Pacific EyeClinics offer free exams for students and discounted services for employees.
Pacific has built on a tradition of taking eye care to the community, where students and faculty provide real-world vision screening and treatment to underserved members of the community. The most visible symbol of this outreach is the Pacific EyeVan, an advanced mobile clinic that sees patients in church parking lots, migrant camps and schools.
Northwest Family Services recognizes Pacific’s College of Optometry for service in the Latino Community
Pacific University's College of Optometry has been partnering with Northwest Family Services since 2015, providing critical vision services to underserved populations including dilated vision screenings and eyeglasses.
Recently retired as a colonel in the U.S. Army, Carol Rymer OD '92 will lead clinical programs in the College of Optometry.
Pacific University optometry students continue to help provide eye care to the underserved, using the EyeVan and working in tandem with partners like OHSU’s Casey Eye Institute and the Oregon Lions Foundation.
While myopia is a common and treatable condition, researchers are concerned about how many more people are nearsighted today than in relatively recent years.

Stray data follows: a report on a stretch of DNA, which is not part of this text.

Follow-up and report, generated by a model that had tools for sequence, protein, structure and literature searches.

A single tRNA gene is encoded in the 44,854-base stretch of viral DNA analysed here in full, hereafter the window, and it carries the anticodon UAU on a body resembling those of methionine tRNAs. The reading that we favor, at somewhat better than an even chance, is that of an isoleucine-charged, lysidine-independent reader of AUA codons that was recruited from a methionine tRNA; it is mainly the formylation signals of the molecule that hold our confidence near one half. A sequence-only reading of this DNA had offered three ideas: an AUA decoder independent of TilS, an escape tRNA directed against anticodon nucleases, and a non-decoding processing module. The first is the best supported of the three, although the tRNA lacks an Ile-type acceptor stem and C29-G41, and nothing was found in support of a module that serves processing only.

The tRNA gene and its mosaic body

Any parent who learns about the growth of myopia cases, and of their possible effects, has a simple, urgent question: How can I tell if my child has myopia?
Prescription eyeglasses or contact lenses are the most common treatment for myopia.
People are diagnosed with myopia every day. But the implications of that diagnosis may vary widely. In most cases, the condition is easily treated, as with a pair of prescription eyeglasses. But other cases, if allowed to progress, may be more alarming.
The human eye is a marvel of precision biology. And like any finely tuned device, or organ, it can get out of tune. When the eyeball works perfectly, light enters through the pupil and cornea and is focused on the back wall of the eyeball, known as the retina. The retina, sensitive to light, conveys the image to the brain for processing.